Commodities Roundup: Climate Change, Auto Sales and the Platinum-Palladium Spread

For the buyers and category managers out there, especially those of you deep in the weeds of buying and managing commodities, here’s a quick rundown of news and thoughts from particular commodity markets.

We scour the landscape for what matters, from price movements to policy decisions. This week:

Climate Change and Innovation

MetalMiner’s Stuart Burns delved into innovation as climate change takes hold, particularly in light of the British government’s proposal to strengthen an already tough carbon emissions target.

“True zero emissions represent a significant challenge, whatever politicians may say,” Burns wrote.

“It will require a sweeping overhaul of energy use, from homes to transport to even what we eat. It involves a pledge to phase out diesel and electric cars by 2040, quadruple energy supplies from low-carbon sources such as renewables and supplement a hydrogen economy where natural gas is currently used (80% of British homes are reliant on natural gas for heating and/or cooking).

“Heavy carbon-emitting industries will have to adopt carbon capture technology, which has to date proved less than satisfactory and expensive to operate. Nevertheless, the government has already invested some limited funds in pilot projects and has undertaken to do more.”

U.S. Auto Sales

Some automakers reported U.S. sales for April earlier this month (General Motors and Ford have switched to a quarterly reporting schedule).

Fiat Chrysler reported a 6.1% year-over-year sales decline, while Honda edged up 0.1% and Nissan jumped 9%.

Toyota sales dropped 4.4% on a volume basis (8.6% on a daily selling rate basis), while Hyundai sales edged up 1%.

U.S. Construction Spending

U.S. construction spending dipped 0.8% in March compared with March 2018, according to Census Bureau data released this month.

In addition, billings contracted for the first time in over two years, as tracked by the American Institute of Architects’ monthly Architecture Billings Index (ABI). The March ABI came in at 47.8 (anything below 50 indicates contraction in billings), down from 50.3 the previous month.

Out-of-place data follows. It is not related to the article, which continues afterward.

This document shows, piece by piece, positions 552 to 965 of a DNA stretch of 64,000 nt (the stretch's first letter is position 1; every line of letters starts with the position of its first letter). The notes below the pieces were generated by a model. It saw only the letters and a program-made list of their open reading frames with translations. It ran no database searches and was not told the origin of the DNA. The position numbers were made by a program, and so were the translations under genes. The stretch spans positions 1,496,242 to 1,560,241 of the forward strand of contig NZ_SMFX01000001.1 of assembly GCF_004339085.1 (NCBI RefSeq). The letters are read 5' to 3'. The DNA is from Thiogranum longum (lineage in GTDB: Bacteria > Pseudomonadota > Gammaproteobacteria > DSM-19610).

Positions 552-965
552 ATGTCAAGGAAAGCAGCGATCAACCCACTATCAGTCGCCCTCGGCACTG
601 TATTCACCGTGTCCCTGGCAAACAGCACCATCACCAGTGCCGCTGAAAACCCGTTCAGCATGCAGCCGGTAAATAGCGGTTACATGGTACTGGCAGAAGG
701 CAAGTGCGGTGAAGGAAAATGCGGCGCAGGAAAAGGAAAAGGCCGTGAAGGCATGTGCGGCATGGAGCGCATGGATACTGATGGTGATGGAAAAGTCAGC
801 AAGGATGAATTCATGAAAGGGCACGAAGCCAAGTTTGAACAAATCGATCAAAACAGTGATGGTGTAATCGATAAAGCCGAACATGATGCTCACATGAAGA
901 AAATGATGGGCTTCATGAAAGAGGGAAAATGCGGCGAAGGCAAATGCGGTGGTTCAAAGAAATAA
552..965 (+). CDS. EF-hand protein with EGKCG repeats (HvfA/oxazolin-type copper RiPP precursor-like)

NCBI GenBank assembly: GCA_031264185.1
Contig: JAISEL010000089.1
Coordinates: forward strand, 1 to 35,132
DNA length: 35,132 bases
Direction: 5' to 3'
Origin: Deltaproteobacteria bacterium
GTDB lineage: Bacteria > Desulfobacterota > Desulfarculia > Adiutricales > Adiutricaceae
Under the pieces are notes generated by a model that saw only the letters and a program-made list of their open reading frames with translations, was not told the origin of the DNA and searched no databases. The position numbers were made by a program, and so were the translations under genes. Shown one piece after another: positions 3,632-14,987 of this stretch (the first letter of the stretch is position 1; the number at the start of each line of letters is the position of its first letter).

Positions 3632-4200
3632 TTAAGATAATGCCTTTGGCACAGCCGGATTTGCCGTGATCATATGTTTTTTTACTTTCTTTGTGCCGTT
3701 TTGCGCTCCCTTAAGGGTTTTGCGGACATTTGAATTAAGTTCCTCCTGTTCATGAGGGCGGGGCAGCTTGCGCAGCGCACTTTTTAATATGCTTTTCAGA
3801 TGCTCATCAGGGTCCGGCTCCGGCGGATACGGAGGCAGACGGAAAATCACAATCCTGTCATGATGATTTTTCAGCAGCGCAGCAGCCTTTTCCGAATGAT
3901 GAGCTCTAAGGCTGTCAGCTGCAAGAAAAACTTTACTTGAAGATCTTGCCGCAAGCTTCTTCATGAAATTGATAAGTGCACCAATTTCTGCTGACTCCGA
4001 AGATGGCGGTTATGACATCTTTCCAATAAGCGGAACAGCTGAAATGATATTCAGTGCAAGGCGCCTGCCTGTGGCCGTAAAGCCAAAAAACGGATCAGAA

Aluminum Prices Trend Downward

As Belinda Fuller noted in her monthly Aluminum MMI report, LME aluminum prices trended downward throughout April, falling back to January levels.

“Aluminum has been caught up in the general negative pricing momentum industrial metals saw during the past few weeks, as the dollar showed strength,” Fuller explained. “As the dollar strengthens, metal prices tend to weaken. However, if demand conditions deteriorate, the price declines could stick, or the price could continue to move sideways on weakened demand.”

Sideways Copper

Meanwhile, copper prices are in a bit of a holding pattern of late.

“At best, the price is stuck trading in a sideways band at the moment,” Fuller explained.

“From a technical perspective, it appears that we may have recently seen the completion of what is called a ‘short-term double-top’ type of formation — albeit a fairly short and flat one — which indicates further price declines (see points A and B).”

Unlike aluminum and other industrial metals, though, copper managed to hold on to some of the price gains it made earlier this year, Fuller noted.

Palladium, Platinum Trade Places

Historically, platinum has traded at a premium to palladium, but that trend has reversed over the last year and a half.

This past month, however, that trend reversed once again, this time seeing the platinum price ticking up 4.5% and palladium falling 2.6%. It remains to be seen if the palladium-platinum spread will continue to narrow, or if this past month’s performance constituted a short-term blip in an otherwise pro-palladium narrative.

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